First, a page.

SCOTTSDALE, Ariz. -- At the end of last season, the D-backs wanted Brandon Drury to improve his agility and lateral movements during the offseason.
Through the first week of full-squad activities, it's clear Drury took those words to heart.
"Everybody is basically saying the same thing," D-backs manager Torey Lovullo said.
Drury, 24, spent all but a handful of days in the big leagues last season, after showing during Spring Training that his bat was ready to hit Major League pitching. However, finding a position for him in the field was a challenge, with second baseman Jean Segura collecting more than 200 hits and third baseman Jake Lamb having an All-Star-caliber first half.
So, Drury spent the majority of his time playing the outfield for the first time in his pro career, appearing in 62 games in left and 32 in right. While he worked hard at learning new positions, it became apparent Drury would not be a long-term fit.
Almost immediately upon taking over as general manager in October, Mike Hazen began talking about finding a way to get Drury's bat in the lineup, while also not asking him to play the outfield. When Hazen dealt Segura to Seattle, Drury began to look like his obvious replacement at second.
"We've simplified it for him," Lovullo said. "He's not bouncing all over the place. We told him that [second base] is where he needs to focus. I think it's helped him this offseason prepare for this moment. He's looked very good. He's very agile, good angles to the ball, playing through the ball, all the common phrases that you like to hear from an infield standpoint. I've been very impressed with his quickness in turning two. I see a guy that's really agile right now."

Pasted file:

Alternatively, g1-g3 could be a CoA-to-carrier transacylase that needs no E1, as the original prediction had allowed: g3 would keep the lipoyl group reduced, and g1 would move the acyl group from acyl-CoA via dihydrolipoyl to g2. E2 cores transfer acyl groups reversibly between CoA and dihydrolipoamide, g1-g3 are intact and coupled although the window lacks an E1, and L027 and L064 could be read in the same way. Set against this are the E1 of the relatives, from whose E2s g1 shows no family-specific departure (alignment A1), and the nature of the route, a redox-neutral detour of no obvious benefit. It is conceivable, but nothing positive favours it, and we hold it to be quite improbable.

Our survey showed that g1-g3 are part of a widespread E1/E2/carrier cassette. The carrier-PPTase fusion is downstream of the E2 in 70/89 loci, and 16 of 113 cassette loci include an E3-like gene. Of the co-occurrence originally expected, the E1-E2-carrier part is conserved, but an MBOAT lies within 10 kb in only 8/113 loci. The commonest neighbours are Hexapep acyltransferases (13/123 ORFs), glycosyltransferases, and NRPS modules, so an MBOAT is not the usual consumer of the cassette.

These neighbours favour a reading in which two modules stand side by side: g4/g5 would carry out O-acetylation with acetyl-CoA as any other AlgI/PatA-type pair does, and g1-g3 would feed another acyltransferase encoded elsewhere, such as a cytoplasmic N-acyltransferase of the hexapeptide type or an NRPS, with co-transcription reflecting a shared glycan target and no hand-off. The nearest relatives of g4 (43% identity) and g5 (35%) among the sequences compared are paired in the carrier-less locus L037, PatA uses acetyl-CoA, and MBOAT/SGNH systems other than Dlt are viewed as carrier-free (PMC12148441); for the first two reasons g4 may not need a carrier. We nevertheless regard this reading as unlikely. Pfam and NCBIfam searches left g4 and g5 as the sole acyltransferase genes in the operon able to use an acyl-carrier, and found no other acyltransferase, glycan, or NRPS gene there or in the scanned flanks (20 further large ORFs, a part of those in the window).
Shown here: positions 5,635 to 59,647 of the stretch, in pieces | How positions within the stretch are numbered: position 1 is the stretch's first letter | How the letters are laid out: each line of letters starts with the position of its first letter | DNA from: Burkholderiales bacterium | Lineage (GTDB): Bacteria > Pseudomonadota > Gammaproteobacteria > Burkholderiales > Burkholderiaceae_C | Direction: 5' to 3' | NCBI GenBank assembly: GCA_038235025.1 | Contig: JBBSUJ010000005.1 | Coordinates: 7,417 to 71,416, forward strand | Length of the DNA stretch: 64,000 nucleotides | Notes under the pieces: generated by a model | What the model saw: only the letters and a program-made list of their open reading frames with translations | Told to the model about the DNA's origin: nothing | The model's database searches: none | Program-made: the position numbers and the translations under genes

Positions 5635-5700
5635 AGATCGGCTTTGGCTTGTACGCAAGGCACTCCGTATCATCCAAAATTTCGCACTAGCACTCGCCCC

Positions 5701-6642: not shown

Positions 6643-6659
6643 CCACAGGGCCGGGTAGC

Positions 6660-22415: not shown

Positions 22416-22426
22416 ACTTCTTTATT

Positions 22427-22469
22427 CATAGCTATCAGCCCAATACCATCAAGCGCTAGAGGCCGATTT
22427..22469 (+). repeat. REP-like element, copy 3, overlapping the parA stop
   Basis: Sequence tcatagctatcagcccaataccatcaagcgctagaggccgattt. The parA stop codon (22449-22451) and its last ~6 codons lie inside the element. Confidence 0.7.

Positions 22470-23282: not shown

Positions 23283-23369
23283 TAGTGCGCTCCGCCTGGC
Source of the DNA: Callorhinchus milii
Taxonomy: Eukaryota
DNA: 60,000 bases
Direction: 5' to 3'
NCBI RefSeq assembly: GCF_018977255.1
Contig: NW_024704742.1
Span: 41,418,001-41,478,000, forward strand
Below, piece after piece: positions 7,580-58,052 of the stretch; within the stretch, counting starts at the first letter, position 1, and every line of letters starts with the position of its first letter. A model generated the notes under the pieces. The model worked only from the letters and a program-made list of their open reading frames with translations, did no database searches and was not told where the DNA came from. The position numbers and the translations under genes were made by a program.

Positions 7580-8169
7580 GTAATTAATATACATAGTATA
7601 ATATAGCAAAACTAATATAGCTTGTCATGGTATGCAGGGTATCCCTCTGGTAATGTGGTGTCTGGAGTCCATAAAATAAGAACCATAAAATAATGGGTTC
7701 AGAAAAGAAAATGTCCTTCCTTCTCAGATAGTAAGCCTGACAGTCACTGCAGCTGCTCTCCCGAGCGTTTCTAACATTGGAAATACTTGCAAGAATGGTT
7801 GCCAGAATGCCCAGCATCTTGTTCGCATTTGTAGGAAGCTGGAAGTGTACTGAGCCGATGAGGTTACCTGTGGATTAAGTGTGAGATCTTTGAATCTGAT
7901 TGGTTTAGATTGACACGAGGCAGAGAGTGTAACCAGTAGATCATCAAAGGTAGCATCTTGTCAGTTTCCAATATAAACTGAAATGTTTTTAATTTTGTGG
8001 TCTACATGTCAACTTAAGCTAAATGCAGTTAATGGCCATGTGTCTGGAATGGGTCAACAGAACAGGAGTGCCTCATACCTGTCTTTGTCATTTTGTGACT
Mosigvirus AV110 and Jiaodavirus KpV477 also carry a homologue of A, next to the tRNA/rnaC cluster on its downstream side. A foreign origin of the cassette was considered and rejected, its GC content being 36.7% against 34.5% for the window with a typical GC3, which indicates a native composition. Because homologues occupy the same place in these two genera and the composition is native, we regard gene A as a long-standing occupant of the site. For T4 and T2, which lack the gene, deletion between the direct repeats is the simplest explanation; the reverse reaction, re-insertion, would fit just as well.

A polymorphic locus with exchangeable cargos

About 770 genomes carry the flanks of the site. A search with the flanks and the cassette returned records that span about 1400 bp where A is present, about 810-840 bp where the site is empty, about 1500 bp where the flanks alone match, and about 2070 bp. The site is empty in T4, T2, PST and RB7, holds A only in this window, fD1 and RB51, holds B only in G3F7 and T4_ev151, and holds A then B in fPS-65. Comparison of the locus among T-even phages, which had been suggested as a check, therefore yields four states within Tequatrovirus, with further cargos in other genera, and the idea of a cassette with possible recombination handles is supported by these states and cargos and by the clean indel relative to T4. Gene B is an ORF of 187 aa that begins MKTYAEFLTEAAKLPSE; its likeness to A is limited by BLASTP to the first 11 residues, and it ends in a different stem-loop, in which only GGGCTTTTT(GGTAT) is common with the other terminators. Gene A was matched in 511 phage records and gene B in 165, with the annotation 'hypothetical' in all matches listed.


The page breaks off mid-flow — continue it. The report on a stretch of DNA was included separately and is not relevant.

Whereas being a good third baseman depends on reaction time, range and the ability to move left and right are key components of playing second.
Drury spent most of the offseason in Oregon working on agility, in hopes of being the team's second baseman come Opening Day.
"A lot of mobility training, worked on my core and obliques, all the stuff that you really use to to hit, to field ground balls," Drury said. "In the past, I always trained really hard, probably not as smart as I should have, so this offseason, I really tried to train as smart as I could to be the best baseball player I could be."
Drury isn't just lighter on his feet, but he also is lighter. As part of his training, he said he dropped more than 10 pounds while adding muscle.
"I'm lighter and looser in my hips, and my feet are working a lot freer than they used to," Drury said. "So I feel good, I feel loose, I'm ready to go."
Steve Gilbert has covered the D-backs for MLB.com since 2001. Follow him on Twitter @SteveGilbertMLB. This story was not subject to the approval of Major League Baseball or its clubs.